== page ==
Located right on the edge of the Arctic Circle, Rovaniemi bills itself as “the official hometown of Santa Claus”. This may seem very Christmassy, but I guess Santa needs to live somewhere in the summertime too!
Santa Claus Village is a theme park of sorts, built around Santa Claus. Besides meeting the man himself, visitors can see Santa’s reindeer, stay in accommodations in Santa Claus Village, shop for souvenirs, mail a postcard from Santa Claus’s post office, and take various “safaris” into the surrounding forests.
Santa Claus Village is open all year. We only visited briefly during the day, but we did peek into where Santa Claus was meeting guests. The man playing Santa looked the part perfectly, but I was not allowed any photos, since they charge for them. The rather old-fashioned displays leading up to Santa Claus’s room surprised me. I guess I expected something more flashy and high-tech.
Summer activities in and around Rovaniemi
Rovaniemi itself is not particularly pretty, except for a pleasant riverside walk; as I’ve mentioned, much of it was destroyed in the war. Just like in the winter, the city is a good place to use as a home base for excursions out of town.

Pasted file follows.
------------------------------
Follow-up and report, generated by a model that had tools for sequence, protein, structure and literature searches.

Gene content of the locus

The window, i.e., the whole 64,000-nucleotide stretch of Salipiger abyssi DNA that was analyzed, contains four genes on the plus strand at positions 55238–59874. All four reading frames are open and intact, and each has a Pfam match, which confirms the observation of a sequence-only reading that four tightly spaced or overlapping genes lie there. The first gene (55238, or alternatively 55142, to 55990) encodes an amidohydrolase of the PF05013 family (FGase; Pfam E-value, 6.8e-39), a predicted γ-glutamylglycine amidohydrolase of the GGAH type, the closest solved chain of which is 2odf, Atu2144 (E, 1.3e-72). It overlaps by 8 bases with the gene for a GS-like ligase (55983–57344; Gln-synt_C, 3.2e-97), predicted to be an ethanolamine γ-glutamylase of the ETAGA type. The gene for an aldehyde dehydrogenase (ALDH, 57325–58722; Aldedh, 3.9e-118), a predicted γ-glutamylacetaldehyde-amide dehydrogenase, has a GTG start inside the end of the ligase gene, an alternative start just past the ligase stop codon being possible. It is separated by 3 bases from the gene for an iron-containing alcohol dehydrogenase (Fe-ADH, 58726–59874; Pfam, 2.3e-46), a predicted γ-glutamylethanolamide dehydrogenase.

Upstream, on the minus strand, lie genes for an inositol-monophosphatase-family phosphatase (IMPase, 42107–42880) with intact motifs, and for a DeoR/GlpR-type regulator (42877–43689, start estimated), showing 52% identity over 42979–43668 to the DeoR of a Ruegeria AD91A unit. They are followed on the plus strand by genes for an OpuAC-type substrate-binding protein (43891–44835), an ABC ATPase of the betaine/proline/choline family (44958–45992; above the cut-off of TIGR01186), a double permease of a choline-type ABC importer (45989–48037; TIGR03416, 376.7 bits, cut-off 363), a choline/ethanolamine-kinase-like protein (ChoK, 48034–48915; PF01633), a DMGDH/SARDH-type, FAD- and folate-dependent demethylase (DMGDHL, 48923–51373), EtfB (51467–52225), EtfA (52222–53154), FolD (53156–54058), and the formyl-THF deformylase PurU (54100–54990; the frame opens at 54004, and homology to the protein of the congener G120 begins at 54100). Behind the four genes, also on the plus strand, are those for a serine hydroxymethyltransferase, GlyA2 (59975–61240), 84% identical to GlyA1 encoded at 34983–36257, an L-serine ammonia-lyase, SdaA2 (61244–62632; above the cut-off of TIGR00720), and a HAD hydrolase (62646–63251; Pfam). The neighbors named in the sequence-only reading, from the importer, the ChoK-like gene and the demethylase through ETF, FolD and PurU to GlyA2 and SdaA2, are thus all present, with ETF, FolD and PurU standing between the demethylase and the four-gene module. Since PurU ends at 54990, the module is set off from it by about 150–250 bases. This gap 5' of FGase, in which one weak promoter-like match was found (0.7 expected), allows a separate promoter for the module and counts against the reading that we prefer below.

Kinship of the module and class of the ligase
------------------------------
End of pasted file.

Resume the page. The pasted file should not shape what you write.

There are plenty of things to do outside Rovaniemi. Here are some of them:
- You could take a midnight sun excursion like this one on a fat-tire e-bike, taking you to see some beautiful midnight views and including a Lappish barbeque. Or take a half-day off-road fat bike ride.
- On this midnight sun excursion, you can float on a lake in the forest under the sun. Don’t worry, it includes a survival suit to float in comfortably.
- Visit a husky farm and a reindeer farm, go canoeing on a lake, and enjoy a Lappish barbeque on this combination excursion.
- If you prefer hiking, try this excursion into Korouoma National Park and look out for reindeer and moose.
- If biking and hiking aren’t your idea of fun, you can take this excursion in a vehicle to find moose in the forest.
- This five-hour guided tour by vehicle includes both Rovaniemi itself and the surrounding natural areas.
- If you like cooking, try a cooking class, focusing on the food and culture of Lapland.
- Ranua Wildlife Park is a large zoo that focuses on Arctic wildlife. It is about an hour from Rovaniemi.
Where to stay in Rovaniemi
We stayed in the Arctic Light Hotel, a boutique hotel which I have to say was truly outstanding. Decorated to an Arctic night theme, the décor is mostly quite dark, yet the cleverly-designed indirect lighting makes it cozy. The furniture is soft and fuzzy, accentuating that warm, cozy feel. (I should warn, though, that any strict animal activist might not be comfortable with the animal pelt carpets and antlers used as decoration.)